What a Rogue Desires by Caroline Linden
David Reece is determined to prove that he is not the wastrel that he has been his entire life, and he wants to make up for all the times his brother, the Duke of Exeter, had bailed him out of sticky situations. When the Duke goes on an extended honeymoon, David takes on the Exeter responsibilities including a signet ring his brother has made for him. On his way to London he and his fellow passengers are set upon by highwaymen and his signet ring is stolen from him. The beautiful widow Mrs. Gray, who had attracted David's attention on the beginning, turns out to be in league with the thieves and her job is to fence the stolen merchandise. But David has set out feelers to all the men in the business and it is not long before David is called in to apprehend "Mrs. Gray." David is shocked to discover her identify and even more so that she does not have the ring with her. He is furious, kidnaps her, and locks her up in his house. Mrs. Gray turns out to be Vivian Beechem and Vivien has been living with her brother, Simon, and a gang of thieves headed up by a bully named Flynn.
Needless to say she is not at all happy to find herself locked up in a strange man's house, but she has to admit that she is certainly liking having a full stomach, a warm house, and a nice soft, clean bed to sleep in every night. David finds that all his old rakish friends do not like his new respectability and that everyone in London is betting that he bankrupts his brother's estate. That leaves him with his unlikely house guest for company and he finds himself spending more and more time with Vivien. She tells him her life story and it is not long before he is no longer judging her for the choices she has made and getting back the ring seems almost unnecessary. He delights in taking her to plays and letting her experience all the different opportunities she'd never had before. But when Flynn begins to wear the ring during the robberies while claiming to be the Black Duke, suspicion falls on David. He and Vivien hatch a plan to track down Flynn, get the ring back, and save her brother Simon from a life of crime. This does not go quite as planned and at the end of the day the two end up having to save each other and move past society's rules to find happiness with each other.
I have to admit that I began to wonder if Stockholm Syndrome played a part in Vivian's learning to like David, as really the situation they found themselves in would have certainly leant itself to that. The book kind of skips over some time (most books do) and I wish it could have been more specific into how long she was locked up before he also started taking her into the real world. I didn't hate the kidnap/ lock her up plot as much as I feel like I should have. I guess the nice amenities that came with it kind of made up for it, although I do know that I should say it was horrible and wrong. However it was really enjoyable to read about the joy David found in making Vivien happy: he absolutely loved seeing her face light up at plays, when she said something clever, when she had fun reading a novel, and when she called him on his theatrics. Given where she had grown up Vivien had absolutely no problem telling David straight to his face when he was being self-pitying and needed to get over it. The sex was really good and quite hot, even really spicy at one point, but I wish there had been more build up to it and more of it throughout the book.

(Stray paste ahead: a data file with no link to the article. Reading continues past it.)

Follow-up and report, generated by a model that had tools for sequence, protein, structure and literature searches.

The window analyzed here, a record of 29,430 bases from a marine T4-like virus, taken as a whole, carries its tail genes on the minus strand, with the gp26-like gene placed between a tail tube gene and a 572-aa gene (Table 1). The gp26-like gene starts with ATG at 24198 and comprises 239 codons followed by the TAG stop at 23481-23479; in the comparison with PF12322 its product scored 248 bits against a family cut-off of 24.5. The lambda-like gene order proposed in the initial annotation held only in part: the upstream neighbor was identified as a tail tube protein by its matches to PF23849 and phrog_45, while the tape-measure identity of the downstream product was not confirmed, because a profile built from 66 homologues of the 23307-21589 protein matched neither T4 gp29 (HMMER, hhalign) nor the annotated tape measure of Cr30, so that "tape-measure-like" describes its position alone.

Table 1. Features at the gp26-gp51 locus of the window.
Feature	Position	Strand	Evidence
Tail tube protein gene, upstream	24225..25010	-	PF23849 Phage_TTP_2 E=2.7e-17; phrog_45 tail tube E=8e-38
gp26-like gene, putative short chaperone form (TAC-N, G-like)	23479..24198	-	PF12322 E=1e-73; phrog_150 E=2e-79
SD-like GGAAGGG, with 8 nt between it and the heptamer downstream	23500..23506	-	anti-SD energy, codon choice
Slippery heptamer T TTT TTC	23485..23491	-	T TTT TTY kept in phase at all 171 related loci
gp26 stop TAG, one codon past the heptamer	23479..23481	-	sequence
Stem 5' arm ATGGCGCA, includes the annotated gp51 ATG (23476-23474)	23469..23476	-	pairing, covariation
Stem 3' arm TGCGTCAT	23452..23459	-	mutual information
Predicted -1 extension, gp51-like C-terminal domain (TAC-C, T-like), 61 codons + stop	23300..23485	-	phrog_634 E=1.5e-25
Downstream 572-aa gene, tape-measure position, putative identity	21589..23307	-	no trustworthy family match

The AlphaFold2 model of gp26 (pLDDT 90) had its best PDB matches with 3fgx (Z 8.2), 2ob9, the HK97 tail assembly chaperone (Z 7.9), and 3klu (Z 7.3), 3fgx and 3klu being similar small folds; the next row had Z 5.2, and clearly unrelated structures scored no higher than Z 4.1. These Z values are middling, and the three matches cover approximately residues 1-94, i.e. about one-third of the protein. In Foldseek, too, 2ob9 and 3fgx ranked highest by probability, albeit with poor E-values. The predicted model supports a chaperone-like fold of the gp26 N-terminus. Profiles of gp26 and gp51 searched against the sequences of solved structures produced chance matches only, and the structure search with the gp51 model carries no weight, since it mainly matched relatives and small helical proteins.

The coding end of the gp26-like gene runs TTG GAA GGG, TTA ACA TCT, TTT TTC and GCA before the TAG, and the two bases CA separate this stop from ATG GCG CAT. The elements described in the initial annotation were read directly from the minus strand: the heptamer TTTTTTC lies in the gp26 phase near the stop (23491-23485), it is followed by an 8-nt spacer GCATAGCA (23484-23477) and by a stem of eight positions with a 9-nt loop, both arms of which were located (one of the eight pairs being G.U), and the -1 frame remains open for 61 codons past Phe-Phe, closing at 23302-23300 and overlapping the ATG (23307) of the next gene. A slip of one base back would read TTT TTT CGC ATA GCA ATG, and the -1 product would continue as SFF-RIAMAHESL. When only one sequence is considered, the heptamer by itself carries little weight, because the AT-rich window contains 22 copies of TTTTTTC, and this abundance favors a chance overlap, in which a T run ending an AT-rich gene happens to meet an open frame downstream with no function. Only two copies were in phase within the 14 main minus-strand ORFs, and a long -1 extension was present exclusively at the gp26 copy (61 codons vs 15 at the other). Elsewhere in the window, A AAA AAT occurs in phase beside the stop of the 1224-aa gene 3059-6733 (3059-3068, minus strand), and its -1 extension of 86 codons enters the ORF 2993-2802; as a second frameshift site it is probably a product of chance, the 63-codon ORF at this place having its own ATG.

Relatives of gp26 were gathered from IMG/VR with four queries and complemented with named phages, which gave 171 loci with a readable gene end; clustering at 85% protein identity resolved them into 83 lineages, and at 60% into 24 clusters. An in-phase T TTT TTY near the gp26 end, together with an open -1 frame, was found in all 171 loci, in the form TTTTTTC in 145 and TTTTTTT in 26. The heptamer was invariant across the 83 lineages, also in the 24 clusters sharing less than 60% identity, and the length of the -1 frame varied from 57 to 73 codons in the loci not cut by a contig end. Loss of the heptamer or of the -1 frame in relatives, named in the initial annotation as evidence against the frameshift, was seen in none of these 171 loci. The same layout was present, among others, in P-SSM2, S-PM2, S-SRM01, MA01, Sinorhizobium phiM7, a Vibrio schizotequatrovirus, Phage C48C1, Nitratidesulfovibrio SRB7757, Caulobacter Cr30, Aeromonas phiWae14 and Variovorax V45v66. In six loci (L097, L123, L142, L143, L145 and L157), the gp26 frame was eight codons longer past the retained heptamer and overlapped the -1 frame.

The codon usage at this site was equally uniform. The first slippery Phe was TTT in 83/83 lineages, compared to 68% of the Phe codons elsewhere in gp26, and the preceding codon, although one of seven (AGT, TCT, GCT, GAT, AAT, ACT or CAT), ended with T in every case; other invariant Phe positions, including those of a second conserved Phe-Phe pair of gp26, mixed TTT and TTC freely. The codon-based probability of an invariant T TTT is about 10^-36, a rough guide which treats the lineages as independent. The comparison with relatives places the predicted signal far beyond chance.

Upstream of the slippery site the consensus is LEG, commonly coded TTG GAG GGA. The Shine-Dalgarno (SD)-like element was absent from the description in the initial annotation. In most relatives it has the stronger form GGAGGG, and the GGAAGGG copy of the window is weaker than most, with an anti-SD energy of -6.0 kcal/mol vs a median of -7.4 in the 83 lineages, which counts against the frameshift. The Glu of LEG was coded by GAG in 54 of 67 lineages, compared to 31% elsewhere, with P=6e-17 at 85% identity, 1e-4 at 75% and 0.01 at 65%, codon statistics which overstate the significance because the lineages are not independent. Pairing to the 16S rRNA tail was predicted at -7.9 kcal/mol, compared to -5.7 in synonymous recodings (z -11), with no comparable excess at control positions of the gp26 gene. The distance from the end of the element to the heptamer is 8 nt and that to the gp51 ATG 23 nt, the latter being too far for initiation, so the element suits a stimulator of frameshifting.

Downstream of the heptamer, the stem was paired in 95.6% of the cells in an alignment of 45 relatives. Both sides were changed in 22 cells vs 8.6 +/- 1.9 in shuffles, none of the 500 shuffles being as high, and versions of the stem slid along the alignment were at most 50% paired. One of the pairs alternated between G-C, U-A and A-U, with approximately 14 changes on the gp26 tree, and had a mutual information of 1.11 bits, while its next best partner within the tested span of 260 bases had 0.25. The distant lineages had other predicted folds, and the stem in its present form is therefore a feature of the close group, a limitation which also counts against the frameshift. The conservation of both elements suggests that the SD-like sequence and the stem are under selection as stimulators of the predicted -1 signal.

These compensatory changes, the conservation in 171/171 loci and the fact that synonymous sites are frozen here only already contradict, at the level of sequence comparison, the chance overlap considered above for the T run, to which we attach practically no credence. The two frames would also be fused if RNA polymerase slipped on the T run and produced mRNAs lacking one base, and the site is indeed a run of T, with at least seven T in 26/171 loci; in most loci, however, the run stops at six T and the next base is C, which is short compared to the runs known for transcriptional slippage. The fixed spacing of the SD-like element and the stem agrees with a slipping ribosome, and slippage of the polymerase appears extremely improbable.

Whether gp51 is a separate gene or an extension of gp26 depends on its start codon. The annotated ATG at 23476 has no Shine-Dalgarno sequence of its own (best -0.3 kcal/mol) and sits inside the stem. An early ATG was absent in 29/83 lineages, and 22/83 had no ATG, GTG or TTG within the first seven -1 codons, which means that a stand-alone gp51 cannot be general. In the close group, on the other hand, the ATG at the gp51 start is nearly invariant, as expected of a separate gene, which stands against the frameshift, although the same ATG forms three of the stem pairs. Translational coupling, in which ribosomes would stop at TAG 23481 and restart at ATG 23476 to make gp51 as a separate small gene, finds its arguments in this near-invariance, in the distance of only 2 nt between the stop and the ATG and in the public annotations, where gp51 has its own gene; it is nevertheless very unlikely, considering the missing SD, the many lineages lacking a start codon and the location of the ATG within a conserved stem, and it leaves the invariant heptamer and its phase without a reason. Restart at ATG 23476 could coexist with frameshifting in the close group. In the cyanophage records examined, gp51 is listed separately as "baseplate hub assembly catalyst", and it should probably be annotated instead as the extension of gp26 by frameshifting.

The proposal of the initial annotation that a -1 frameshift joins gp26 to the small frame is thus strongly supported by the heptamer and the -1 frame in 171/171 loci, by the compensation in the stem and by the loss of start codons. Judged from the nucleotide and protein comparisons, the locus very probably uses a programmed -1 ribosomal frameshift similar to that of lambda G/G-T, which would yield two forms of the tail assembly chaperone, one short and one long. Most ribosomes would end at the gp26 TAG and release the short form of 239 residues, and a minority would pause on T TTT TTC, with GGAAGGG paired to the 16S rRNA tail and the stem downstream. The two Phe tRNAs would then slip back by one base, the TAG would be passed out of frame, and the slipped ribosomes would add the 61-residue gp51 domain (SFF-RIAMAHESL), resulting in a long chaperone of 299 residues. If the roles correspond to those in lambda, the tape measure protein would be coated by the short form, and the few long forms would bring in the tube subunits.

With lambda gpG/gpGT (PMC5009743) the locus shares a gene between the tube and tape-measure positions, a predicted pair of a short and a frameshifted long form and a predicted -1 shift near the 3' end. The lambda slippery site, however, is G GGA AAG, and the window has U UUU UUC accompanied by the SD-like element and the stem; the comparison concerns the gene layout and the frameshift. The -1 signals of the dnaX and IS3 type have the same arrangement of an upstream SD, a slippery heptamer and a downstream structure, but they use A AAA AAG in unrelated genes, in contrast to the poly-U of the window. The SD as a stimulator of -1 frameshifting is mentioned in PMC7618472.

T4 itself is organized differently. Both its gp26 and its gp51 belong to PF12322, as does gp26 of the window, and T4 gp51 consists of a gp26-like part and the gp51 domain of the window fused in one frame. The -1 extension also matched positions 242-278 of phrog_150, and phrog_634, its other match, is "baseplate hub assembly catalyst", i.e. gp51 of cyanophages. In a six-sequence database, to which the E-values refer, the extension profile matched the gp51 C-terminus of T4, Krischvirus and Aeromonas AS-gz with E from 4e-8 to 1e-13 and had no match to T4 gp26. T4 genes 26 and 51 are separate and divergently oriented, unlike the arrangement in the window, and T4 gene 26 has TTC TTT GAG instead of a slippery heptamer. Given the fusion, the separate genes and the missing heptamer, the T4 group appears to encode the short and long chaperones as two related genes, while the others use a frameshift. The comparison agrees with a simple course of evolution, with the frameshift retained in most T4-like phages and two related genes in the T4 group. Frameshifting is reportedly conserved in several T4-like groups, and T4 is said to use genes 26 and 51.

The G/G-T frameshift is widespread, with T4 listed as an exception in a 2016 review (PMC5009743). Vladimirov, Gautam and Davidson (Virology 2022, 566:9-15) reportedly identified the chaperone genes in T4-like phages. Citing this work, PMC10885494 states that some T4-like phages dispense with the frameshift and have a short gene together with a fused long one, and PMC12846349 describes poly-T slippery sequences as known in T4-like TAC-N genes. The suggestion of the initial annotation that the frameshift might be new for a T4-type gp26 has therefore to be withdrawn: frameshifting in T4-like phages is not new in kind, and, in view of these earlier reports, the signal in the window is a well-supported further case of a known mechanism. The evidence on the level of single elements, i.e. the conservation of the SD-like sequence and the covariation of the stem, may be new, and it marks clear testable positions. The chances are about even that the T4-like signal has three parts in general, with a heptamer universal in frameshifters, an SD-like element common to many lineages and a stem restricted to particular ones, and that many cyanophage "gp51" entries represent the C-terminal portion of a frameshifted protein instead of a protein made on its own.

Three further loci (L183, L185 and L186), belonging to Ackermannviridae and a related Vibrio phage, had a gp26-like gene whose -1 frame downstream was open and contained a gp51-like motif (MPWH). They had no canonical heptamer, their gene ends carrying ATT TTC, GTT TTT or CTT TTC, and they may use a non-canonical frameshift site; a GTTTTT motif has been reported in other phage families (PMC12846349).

The stolen ring plot was very well integrated into the story- it really was the reason for the two for them coming together in the first place really. It did not overpower the romance and the developing relationship between Vivien and David even it really did help to shape it. My problem with this plot was the plan the two of them came up with the capture Flynn and get the ring back: it was really quite ridiculous and made me really wish characters in romance novels would just let the authorities handle things on their own. Basically it was a dumb plan and really it was only a miracle it worked out. I also really enjoyed that David told all of his servants that he was "saving" Vivien from a life of crime as part of his Christian duty to cover up his kidnapping her. It was one of many rather funny parts of this book. After reading "What a Gentleman Wants" I knew I had to read the rest of the books in the series and I am really pleasantly surprised that Linden manages to work Marcus and Hannah's happiness into the story without having the book become a homage to her past works.
Rating: I really enjoyed this book, but I really felt as though there was something lacking in it- I wish there had been more emotion really. I think the book deserves 3 1/2 but I'll give it a three b/c it was not as good as her previous work.